Patriots Day: What You Need To Know
First staged in 1897 and inspired by the reintroduction of the long-distance running event the 1896 Olympic games in Athens the previous year, the Boston Marathon holds a special place in history as the longest-running event of its kind in the world. For more than a century, amateurs and professional athletes alike have been taking to the streets of Boston to pound the 26-mile course through the Massachusetts capital in a race traditionally held on the third Monday of April to mark Patriots' Day, the anniversary of the first battles in the American Civil War.
But on April 15th 2013 the annual event took on a new and tragic historical significance when two homemade pressure-cooker bombs were detonated near the Marathon's finish line on Boylston Street, killing three people and injuring several hundred others. The resulting investigation led to a police manhunt for suspects Tamerlan and Dzhokhar Tsarnaev, two Chechen-American brothers who, according to a note found by police and written by Dzhokhar Tsarnaev, were motivated by their belief in in a extremist Islamic doctrine and carried out the attack as “revenge” for a series of U.S.-led military operation in the Middle East.
It is both this tragic event itself and the resulting aftermath and police manhunt that form the basis for Patriots Day, a film partly based on an account of the Boston Marathon written by author Casey Sherman and Boston-based journalist Dave Wedge. After opening in cinemas last year, the film arrives in stores on DVD and Blu-ray this week. Here's everything you need to know as well as an exclusive interview with the cast and crew at the bottom of the page..
Who's in it?
Mark Wahlberg leads a cast that includes Michelle Monaghan, J.K. Simmons, Kevin Bacon and John Goodman.
And who is directing?
Peter Berg is the man behind the lens on this one, a director with plenty of previous form in creating dramatic adaptations of real-life events, including Deepwater Horizon and Lone Survivor. Berg himself also worked on the screenplay, along with Triple 9 writer Matt Cook and Joshua Zetumer, whose credits include the 2014 Robocop reboot and the upcoming X-men spin-off Gambit.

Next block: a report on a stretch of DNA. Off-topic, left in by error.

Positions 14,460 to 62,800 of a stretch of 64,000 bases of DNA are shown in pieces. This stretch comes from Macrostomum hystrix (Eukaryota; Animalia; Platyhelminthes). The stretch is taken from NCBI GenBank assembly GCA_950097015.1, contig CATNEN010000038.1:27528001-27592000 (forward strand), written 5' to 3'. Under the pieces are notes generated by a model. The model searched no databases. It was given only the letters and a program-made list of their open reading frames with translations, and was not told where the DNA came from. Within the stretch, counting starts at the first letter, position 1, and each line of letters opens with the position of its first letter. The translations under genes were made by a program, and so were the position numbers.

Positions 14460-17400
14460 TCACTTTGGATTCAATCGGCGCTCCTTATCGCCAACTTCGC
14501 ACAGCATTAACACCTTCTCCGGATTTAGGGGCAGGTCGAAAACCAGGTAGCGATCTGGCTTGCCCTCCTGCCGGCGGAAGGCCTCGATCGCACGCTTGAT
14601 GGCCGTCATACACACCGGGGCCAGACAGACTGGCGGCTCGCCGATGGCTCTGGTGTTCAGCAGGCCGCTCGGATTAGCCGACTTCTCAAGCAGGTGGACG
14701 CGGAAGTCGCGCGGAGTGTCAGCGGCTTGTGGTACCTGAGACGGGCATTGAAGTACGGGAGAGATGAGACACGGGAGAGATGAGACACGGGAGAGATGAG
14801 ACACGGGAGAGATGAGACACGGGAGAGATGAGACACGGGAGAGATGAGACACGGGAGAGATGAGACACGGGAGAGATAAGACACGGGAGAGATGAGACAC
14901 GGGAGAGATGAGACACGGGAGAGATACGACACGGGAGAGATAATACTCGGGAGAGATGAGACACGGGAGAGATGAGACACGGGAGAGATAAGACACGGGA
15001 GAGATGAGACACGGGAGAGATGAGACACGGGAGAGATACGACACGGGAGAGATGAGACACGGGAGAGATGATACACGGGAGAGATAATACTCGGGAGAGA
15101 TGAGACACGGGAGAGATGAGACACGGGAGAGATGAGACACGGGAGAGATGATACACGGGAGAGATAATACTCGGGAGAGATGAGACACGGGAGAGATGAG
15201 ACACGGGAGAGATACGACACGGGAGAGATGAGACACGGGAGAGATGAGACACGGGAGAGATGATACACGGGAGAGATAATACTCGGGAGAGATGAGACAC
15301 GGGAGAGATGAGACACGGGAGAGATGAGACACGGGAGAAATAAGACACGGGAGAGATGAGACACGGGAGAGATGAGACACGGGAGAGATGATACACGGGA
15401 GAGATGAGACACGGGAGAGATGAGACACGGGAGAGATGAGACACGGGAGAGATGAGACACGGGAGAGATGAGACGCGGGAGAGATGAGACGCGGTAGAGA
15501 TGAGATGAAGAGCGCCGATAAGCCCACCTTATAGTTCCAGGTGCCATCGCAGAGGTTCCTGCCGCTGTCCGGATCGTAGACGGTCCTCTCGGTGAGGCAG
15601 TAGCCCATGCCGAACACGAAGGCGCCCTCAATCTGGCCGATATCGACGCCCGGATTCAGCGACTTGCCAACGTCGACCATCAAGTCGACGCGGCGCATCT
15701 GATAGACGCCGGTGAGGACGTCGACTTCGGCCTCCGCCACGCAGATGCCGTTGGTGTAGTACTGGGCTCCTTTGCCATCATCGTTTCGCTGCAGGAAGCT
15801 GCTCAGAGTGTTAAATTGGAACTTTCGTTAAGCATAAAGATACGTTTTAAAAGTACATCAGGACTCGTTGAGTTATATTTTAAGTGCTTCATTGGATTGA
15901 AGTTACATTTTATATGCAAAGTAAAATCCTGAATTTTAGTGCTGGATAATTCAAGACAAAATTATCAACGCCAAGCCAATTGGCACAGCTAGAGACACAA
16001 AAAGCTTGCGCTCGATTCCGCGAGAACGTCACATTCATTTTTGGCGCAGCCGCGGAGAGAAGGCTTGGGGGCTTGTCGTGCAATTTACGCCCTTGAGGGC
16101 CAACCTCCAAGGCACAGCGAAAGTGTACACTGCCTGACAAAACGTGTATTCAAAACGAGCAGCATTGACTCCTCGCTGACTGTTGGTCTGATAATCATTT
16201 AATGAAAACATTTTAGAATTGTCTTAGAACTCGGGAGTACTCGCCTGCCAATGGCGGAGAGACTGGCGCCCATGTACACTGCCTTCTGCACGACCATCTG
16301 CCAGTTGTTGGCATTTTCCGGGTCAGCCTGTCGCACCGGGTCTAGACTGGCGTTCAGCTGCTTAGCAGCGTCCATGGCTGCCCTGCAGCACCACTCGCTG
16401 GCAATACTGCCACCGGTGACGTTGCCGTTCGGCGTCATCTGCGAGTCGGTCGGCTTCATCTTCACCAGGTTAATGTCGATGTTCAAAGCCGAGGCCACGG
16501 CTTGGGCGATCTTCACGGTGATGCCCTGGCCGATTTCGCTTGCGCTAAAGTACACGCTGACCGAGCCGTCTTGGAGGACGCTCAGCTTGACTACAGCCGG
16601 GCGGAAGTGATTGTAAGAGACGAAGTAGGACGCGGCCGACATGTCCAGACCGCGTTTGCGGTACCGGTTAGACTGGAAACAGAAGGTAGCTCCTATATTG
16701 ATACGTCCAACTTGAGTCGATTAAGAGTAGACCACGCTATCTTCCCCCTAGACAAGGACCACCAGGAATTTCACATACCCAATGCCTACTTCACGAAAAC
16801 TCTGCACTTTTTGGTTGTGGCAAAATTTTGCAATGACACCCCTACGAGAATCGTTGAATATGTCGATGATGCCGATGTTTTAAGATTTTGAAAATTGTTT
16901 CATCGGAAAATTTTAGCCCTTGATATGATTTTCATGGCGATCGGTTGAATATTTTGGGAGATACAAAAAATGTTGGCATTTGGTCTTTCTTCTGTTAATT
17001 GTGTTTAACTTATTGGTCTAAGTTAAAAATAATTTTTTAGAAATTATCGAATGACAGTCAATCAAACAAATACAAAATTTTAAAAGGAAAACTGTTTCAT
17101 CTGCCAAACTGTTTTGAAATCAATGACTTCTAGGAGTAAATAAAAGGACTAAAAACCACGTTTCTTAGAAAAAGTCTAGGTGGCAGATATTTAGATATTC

What's the plot?
The story largely follows the events of April 15th from the perspective of Boston Police Sergeant Tommy Saunders (Wahlberg) – a fictional composite of several members of the Boston Police Department and, along with his wife Carol (played by Michelle Monaghan), one of the only fictional characters in a film that largely depicts the real people involved in the event and its aftermath.
Saunders and his colleagues are stationed near the finish line on race day, taking care of general security and crowd control, when the first bomb detonates. Twelve seconds later, a second explosion is heard and Saunders quickly realises what is happening, rushing to help the victims, including a young couple suffering from severe injuries and a father who has been separated from his son.
Senior Boston Police personnel and an FBI team arrive on the scene, determining that the latter should take control of the investigation when they find debris from the homemade bomb and determine that the incident was a deliberate act of terrorism. Two suspects are quickly identified, however the Boston PD and FBI initially disagree on whether to release pictures of the Tsarnaev brothers to the press. A subsequent leak settles the argument and a city-wide manhunt begins.
Meanwhile, the Tsarnaev's carjack a man named Dun Meng and reveal plans to execute a second bombing in New York. However, Meng is able to escape from his own vehicle while the brothers are distracted and calls the police from a nearby store, giving them his GPS tracking code which enables the police to pursue the suspects. Tracking the brothers to the Watertown suburb of Boston, a shootout ensues between the suspects and police, during which Tamerlan is killed. Dzokhar manages to escape, only to be tracked down to a boat moored in Boston's harbour, where he is finally arrested.
Does it deliver?
Patriots Day tackles a difficult subject with skill and sensitivity, especially with regard to the plight of the victims and the bombers' motives, but where this film really succeeds is in detailing the sense of solidarity amongst the police and the public who came to the aid of the victims in the immediate aftermath of the explosions. Commercially speaking, the film didn't perform quite as well as hoped at the box office – perhaps an understandable result given the relatively short timespan between the bombing and the film's release – but don't let the numbers put you off. A lot of care has gone into getting the tone and depiction of events exactly right; Wahlberg, a Bostonian himself, was especially instrumental in this, and while Peter Berg does have previous form in this kind of thing, that doesn't make a task like this any easier and the director deserves credit for this well-measured handling of a tragic story. It's a difficult watch at times, of course, but an admirable account of a terrible event nonetheless.